Merryvale Starmont Chardonnay 2010 – It is Chardonnay and whether you love it our hate it, there are still many Chardonnay lovers among us. I prefer Chardonnay that leans towards the mineral side, but appreciate nuances of butter and oak, as long as they are done well and are not overwhelming. This is a great value that fits the bill. While I could live off of drinking Puligny-Montrachet and Meursault, I certainly cannot afford to, so I look for good Chardonnay that pleases the palate without overwhelming it. A good one to bring to parties and picnics or to have on hand for Chardonnay lovers, whether the like the butter bombs or the restrained version, this is an overall winner.

La Vieille Ferme Cotes du Luberon Blanc 2011- I am telling you, if you want something under $10 to pop open whenever and wherever for any reason, this is the wine to have. We’ve ordered it by the case for parties, brought it to neighborhood happy hours and opened it when the weather was too good at 3pm to not have a glass of something in your hand. Not complex or heavy or complicated, just simple and easy-drinking and amazing value. Have it on hand. By the case.

Top 5 have-on-hand-everyday-drinking reds

The problem comes up in our house, what wine do we serve? Being in the wine business, we often have wine, but not the RIGHT wine. We have samples to try but not always delasCdRappropriate ones for a meal. Then we have lovely wines that are meant for the cellar or long-term ageing. But having that everyday wine, that’s ready to drink now, not going to break the bank, will go with everything and will suit many palates, is a rarity in our house. Which set me out to find those perfect wines. Being winter, we often reach for reds, so I will post my finds on those perfect red wines today. These wines are also ideal to bring to any neighborhood get-together, dinner party or other such gathering as they are likely to be enjoyed by many wine drinkers! My top 5 are:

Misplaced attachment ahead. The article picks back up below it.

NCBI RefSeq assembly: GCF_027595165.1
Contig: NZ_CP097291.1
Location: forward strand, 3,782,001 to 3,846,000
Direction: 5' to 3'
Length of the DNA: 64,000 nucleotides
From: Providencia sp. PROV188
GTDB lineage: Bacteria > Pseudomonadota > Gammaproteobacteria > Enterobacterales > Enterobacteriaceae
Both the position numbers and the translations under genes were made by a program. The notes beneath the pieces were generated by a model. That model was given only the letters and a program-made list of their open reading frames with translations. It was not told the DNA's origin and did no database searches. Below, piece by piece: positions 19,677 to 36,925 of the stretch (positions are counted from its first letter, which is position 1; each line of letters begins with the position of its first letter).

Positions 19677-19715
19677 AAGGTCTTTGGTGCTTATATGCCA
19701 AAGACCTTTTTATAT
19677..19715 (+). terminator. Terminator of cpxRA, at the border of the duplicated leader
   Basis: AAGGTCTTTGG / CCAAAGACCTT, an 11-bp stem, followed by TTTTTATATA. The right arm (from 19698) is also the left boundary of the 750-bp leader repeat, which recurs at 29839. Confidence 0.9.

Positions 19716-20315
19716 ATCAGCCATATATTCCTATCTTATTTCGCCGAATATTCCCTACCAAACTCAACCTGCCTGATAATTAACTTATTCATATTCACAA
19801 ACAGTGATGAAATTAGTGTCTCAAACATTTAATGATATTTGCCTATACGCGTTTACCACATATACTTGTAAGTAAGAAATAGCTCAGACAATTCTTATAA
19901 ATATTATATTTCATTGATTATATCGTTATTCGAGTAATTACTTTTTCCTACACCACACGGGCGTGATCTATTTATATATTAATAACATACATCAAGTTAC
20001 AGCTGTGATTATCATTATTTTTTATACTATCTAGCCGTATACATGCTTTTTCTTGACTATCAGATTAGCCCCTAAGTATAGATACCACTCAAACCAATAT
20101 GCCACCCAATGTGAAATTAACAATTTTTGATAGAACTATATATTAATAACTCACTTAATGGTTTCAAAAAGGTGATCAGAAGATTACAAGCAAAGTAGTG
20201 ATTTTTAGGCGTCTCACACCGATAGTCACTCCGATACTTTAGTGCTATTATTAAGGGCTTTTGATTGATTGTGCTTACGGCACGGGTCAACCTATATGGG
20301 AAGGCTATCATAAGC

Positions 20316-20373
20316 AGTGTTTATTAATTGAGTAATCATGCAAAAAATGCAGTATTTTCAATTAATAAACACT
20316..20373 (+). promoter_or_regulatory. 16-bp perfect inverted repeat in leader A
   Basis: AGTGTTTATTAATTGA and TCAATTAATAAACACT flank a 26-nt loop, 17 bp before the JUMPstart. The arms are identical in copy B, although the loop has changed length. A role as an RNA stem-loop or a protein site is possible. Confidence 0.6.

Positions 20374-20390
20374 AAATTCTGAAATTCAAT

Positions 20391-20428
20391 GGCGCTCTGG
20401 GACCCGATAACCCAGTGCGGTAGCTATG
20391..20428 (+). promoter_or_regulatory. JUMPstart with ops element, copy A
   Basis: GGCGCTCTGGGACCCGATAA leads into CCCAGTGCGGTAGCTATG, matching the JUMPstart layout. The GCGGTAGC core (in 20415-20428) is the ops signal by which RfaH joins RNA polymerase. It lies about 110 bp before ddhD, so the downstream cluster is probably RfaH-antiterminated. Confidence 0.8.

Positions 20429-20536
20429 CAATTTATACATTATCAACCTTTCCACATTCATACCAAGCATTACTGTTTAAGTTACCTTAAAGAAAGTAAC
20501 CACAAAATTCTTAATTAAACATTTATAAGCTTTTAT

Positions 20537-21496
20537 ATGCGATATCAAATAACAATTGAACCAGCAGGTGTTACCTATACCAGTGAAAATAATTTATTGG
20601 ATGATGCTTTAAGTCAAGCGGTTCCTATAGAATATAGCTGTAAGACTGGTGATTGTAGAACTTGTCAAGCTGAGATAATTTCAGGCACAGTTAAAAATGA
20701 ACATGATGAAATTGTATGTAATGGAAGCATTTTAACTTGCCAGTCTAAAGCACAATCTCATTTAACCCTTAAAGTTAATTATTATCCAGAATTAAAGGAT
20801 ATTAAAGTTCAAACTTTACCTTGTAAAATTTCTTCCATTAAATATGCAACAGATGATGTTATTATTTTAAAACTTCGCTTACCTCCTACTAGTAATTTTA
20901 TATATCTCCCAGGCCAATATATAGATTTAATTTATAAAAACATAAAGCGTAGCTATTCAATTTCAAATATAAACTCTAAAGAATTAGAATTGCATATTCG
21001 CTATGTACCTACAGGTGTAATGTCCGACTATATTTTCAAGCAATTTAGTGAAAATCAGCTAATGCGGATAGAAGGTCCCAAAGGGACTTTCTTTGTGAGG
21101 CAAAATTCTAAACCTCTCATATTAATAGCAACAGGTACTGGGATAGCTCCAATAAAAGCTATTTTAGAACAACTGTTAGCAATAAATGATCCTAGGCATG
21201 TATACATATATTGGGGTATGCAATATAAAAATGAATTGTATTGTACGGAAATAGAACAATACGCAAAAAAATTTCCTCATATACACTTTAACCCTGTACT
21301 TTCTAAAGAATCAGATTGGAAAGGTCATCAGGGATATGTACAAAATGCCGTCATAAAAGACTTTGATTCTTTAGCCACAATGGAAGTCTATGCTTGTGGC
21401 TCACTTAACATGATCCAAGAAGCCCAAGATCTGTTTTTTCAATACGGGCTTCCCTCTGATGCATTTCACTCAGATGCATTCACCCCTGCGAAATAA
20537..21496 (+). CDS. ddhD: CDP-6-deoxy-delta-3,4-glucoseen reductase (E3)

Peter Lehmann Clancy’s 2009 – Made by one of our favorite producers in the Barossa Valley, this blend delivers inviting fruit, garnering reviews that call it “smooth & inviting” and even use the term “slurp.” A wine that is great for larger parties, a casual night at home or to pull out when neighbors or friends stop by.

Penley Estate Phoenix Cabernet Sauvignon 2010 – Another Australian gem, year after year I love this wine. I think it is the distinct sweet herb characteristic (could say eucalyptus, but it often reminds me more of mint) that comes through on the nose, as well as the typical Cabernet characteristics that come in a very balanced package. It’s a Cab, but not too tannic or overwhelming – very good with food.

Allegrini Palazzo della Torre 2008 – This is one of those wines that goes down almost too easy… Ripe fruits, a rich texture and a dose of spice make this a balanced, harmonious wine that lingers on the finish. Wine Spectator also says it’s “hard to stop sipping.”

Belle Glos Meiomi Pinot Noir 2011 – This has almost always been a favorite. I say almost because I though 2010 was a bit off… But the wine came back full force in 2011, with the delicious ripe, rich, central California Pinot style that is silky smooth and easy going down. If you love vanilla, clove spice aromas and that silk texture in wine, you will love this bottle.

Delas St. Esprit Cotes-du-Rhone Rouge 2010 – I have a soft spot for the Rhone, and 2010 was a killer year, so the deals to be had are many. Delas is an excellent producer and this savory CdR is one of those wines you can have with a winter stew or a summer BBQ. It has that savory pepper spice thing going on, with lots of berry fruit to match. Lovely value.

So were you to stock up on a few bottles of red, these wines (all under $20) are the ones I’d highly recommend. You will never feel lost when looking for a perfect dinner wine, a wine to take to a friend’s house, or a bottle to give as a gift. They are the “go-to” winners. Cheers!